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Toyota and Tanaka Drop New Course Records - Ekiden Weekend Roundup



Qualifying action for the Jan. 1 New Year Ekiden corporate men's national championships continued Sunday with the combined Chubu and Hokuriku regional ekidens. Running both an A and a B team with only the A team having a chance of going on to race on New Year's Day, Toyota destroyed the field as it took 1st and 3rd overall.

After a slow start the A-team's Chihiro Miyawaki broke the course record on the 11.5 km Third Stage, covering it in 32:55 to move into the lead. Toyota A-team runners won the last three of the race's seven stages, winning by more than three minutes over closest competition Aisan Kogyo as they broke the overall course record with a new mark of 4:05:35 for the 83.5 km event. Toyota's B-team finished just 16 seconds behind Aisan Kogyo, showing just how much of a stranglehold Toyota has on the Chubu Region. YKK was the top team from the tiny Hokuriku Region, finishing 9th overall in 4:13:34 but moving on to the New Year Ekiden.

In Kyoto, Kwansei Gakuin University beat regional favorite Ritsumeikan University to win the Tango University Ekiden, the 79th edition of the Osaka-area Kansai Region University Men's Ekiden Championships. Kwansei Gakuin's Naoki Nakamura took the lead on the first of the 84.4 km race's eight stages, and from there to the finish the team was never seriously challenged for the lead despite a Fourth Stage course record by Ritsumeikan's Tsuyoshi Masumoto and wins on the last two stages by Ritsumeikan men. Nearly three minutes down at the start of his run with 11.7 km to make it up, Ritsumeikan anchor Shinji Koiwa got as close as 37 seconds back Kwansei Gakuin's Ikkai Kojima but simply didn't have the ground ahead of him in which to make it all up. Kwansei Gakuin won in 4:18:09, Ritsumeikan next across the line in 4:18:46.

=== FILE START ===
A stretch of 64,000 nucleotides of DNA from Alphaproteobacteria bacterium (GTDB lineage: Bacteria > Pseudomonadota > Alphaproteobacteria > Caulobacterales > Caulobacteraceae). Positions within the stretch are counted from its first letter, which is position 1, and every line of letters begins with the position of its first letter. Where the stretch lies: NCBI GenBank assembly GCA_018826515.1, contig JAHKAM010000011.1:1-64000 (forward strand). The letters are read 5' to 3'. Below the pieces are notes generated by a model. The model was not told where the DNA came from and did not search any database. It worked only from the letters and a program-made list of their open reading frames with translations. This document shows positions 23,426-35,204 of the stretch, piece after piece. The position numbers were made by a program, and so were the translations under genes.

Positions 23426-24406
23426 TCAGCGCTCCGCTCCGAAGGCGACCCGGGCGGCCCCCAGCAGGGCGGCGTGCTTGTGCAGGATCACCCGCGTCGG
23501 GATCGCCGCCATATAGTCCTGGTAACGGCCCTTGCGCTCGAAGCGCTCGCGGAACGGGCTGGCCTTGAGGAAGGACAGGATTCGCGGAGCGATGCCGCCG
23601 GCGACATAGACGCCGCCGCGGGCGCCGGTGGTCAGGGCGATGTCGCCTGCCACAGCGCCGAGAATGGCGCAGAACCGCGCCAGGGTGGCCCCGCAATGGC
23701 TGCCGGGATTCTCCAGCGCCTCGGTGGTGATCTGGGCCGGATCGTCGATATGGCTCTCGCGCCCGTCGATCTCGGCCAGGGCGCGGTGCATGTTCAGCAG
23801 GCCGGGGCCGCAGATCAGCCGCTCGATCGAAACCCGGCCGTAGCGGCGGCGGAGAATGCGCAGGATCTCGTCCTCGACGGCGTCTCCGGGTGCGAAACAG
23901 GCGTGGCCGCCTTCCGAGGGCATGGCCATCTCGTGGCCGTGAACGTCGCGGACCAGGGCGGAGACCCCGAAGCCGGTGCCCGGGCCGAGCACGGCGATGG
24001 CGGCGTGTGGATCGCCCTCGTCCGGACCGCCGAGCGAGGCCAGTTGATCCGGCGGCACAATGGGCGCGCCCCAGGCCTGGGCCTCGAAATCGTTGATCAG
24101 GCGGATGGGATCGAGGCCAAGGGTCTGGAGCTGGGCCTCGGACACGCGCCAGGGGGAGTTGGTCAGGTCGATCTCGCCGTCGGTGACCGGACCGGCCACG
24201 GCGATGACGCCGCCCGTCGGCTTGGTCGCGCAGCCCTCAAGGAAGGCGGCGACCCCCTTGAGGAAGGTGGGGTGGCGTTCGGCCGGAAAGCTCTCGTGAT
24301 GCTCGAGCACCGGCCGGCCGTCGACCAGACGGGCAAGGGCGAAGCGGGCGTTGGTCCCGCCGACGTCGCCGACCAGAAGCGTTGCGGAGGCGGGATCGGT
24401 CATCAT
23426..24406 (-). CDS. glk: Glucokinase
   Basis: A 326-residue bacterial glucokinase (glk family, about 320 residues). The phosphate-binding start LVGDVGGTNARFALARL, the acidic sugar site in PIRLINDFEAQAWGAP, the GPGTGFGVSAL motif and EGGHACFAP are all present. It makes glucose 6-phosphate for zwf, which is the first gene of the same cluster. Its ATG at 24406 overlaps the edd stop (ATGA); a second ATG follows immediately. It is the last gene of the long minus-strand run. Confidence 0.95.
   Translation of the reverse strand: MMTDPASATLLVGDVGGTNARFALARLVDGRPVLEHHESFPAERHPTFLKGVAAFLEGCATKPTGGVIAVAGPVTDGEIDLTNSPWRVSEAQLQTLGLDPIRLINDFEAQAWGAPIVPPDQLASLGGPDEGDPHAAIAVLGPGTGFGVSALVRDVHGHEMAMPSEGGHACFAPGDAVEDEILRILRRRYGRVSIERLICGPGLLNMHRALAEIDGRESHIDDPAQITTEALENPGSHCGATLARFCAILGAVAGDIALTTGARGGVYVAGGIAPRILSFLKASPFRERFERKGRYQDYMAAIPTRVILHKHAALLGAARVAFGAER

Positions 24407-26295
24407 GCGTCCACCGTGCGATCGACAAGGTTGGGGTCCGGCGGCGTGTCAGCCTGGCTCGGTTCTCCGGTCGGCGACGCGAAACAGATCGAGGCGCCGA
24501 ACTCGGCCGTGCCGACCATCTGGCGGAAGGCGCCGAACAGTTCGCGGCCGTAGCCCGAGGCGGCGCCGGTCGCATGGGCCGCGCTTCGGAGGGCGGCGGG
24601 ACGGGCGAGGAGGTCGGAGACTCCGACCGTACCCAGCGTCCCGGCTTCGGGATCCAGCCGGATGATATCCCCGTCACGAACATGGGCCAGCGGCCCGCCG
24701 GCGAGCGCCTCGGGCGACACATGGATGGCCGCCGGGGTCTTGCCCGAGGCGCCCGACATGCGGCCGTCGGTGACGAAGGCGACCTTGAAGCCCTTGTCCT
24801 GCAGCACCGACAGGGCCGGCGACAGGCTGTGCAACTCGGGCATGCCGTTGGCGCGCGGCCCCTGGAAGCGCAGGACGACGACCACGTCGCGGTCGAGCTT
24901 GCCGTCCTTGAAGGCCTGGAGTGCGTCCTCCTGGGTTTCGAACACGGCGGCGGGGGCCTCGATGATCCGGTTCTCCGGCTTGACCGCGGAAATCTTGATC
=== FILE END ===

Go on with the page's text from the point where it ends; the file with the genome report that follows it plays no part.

All across the country top high schools continued the buildup to next month's National High School Ekiden Championships with dozens of prefectural and regional championship ekidens. There were simply too many high-level races to cover, but bearing special mention was the 33rd Kinki Region High School Girls Ekiden. On the 6.0 km First Stage Nishiwaki Kogyo H.S. senior Nozomi Tanaka, who ran 8:54.27 to win last month's National Sports Festival Women's 3000 m, blasted a new course record of 18:51 for the opening leg, leaving Chinatsu Tarumoto of Suma Gakuen H.S. and other competition over 40 seconds behind. 

Nishiwaki Kogyo finished only 4th overall in the end over a minute and a half behind 2016 national champions Osaka Kunei Joshi Gakuin H.S., but her powerful stage win meant Tanaka picked up her sixth-straight win since finishing 2nd in the 3000 m at the summer's National High School Track and Field Championships. Tanaka has at least three more ekiden runs before her graduation in March, and if she can go her last ekiden season undefeated it will be a fitting end before she goes to the non-ekiden-oriented Doshisha University in April.

© 2017 Brett Larner, all rights reserved